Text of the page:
Kim Doyle, Tax Director with Grant Thornton is joined by Sasha Kerins, Tax Partner with Grant Thornton. Kim discusses the latest in tax, including the Covid-19 support schemes. Sasha shares her insight into the changes to business practices and operating process in today’s world which has brought about new ways of working and living and also new tax considerations.
Stage two of the reconciliation process for the TWSS began last month with the issuing of reconciliation statements by Revenue to employers. This is the final phase of the TWSS programme. Employers have until the 30 June 2021 to take certain action.
The EWSS remains to be a significant support to employers; a quarter of all employers made a claim in January. According to the Minister for Finance, the main three sectors benefitting from the scheme are Wholesale and Retail Trade, Accommodation/Food Services and Construction.
As part of his comments on the EWSS, the Minister said that consideration is being given to the fact that continued support could be necessary out to the end of 2021. We have no decision from the Government yet on the future of the scheme beyond June 2021.
The application of the late filing surcharge for CT1 returns due by 23 March 2020 up to 23 June 2021 and iXBRL financial statements also due within this period, was suspended by Revenue. This suspension is due to end on 30 June. From 1 July 2021 Form CT1s and iXBRL financial statements outstanding will incur a late filing surcharge. There may also be a restriction on loss relief due to the late filing of the return.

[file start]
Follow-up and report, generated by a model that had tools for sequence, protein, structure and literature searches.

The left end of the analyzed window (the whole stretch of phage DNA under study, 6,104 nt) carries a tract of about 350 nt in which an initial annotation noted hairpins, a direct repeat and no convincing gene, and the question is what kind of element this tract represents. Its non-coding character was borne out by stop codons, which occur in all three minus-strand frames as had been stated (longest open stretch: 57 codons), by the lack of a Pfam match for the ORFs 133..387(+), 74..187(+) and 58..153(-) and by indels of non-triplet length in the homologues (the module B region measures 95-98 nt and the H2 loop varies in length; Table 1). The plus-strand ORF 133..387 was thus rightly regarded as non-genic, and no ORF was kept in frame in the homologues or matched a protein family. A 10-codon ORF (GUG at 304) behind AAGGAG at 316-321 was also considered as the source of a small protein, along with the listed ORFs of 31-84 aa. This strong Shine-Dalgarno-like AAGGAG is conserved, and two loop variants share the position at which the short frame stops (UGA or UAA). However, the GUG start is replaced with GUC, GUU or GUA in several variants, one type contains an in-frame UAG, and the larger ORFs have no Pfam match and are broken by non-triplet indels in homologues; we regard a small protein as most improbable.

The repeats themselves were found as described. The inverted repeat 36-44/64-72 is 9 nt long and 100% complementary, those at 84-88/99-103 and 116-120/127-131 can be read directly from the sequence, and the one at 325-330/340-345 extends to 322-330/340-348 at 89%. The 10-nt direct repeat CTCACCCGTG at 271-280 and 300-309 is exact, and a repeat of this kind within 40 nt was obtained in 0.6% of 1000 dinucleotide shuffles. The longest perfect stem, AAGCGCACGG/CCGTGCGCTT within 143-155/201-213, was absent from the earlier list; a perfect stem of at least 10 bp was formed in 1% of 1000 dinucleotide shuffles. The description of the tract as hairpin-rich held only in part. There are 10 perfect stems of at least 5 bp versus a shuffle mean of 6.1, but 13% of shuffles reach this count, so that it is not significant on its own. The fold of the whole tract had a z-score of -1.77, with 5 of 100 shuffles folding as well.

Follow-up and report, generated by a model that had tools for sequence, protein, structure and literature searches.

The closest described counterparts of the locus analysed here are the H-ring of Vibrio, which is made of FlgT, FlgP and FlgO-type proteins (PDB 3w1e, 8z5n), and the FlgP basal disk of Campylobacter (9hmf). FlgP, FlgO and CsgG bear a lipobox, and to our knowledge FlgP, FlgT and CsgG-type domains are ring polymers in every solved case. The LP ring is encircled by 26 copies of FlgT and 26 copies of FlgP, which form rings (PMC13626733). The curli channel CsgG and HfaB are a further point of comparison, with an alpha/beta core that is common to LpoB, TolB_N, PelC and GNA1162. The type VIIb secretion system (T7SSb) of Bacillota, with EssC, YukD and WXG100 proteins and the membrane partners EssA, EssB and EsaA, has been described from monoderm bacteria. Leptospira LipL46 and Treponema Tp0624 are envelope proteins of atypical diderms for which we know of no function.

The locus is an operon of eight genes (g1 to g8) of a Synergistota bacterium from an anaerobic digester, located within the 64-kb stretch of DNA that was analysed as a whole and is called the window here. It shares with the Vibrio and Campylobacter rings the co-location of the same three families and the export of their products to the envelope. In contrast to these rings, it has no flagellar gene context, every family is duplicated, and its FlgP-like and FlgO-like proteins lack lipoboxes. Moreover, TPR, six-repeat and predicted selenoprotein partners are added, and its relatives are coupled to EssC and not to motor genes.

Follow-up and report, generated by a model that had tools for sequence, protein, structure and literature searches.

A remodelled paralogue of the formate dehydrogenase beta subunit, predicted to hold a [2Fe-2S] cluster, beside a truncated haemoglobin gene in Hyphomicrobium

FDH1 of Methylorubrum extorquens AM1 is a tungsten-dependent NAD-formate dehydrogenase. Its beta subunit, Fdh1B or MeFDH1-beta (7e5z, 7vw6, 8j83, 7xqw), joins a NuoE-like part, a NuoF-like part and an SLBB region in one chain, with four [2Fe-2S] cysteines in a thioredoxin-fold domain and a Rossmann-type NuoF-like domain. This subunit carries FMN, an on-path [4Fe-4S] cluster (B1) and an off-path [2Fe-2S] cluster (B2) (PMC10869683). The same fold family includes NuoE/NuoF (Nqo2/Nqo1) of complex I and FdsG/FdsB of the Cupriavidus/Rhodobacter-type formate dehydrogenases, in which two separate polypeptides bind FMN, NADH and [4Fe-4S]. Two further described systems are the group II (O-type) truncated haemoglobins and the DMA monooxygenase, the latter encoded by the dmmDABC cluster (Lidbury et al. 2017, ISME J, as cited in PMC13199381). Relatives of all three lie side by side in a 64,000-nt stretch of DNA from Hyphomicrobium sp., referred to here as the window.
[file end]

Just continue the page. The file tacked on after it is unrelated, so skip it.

Financial institutions in Ireland are now charging negative interest rate on certain deposit and savings accounts. This has led to a renewed focus on the tax treatment of negative interest rates for both corporate and personal taxpayers. There are also questions on the correct tax treatment for the financial institutions themselves particularly when we consider their Capital Adequacy Requirements. In addition to the tax treatment there are also transfer pricing considerations.
Covid-19 has had a big impact on the way and how we work. Where possible employees are working from home. The Government’s Rural Future Strategy launched last month includes plans for a network of remote working hubs and new tax reliefs for employees and employers which support homeworking.
Currently, e-Working tax relief is available to employees working from home who may have incurred increased home expenses such as electricity, heat and broadband.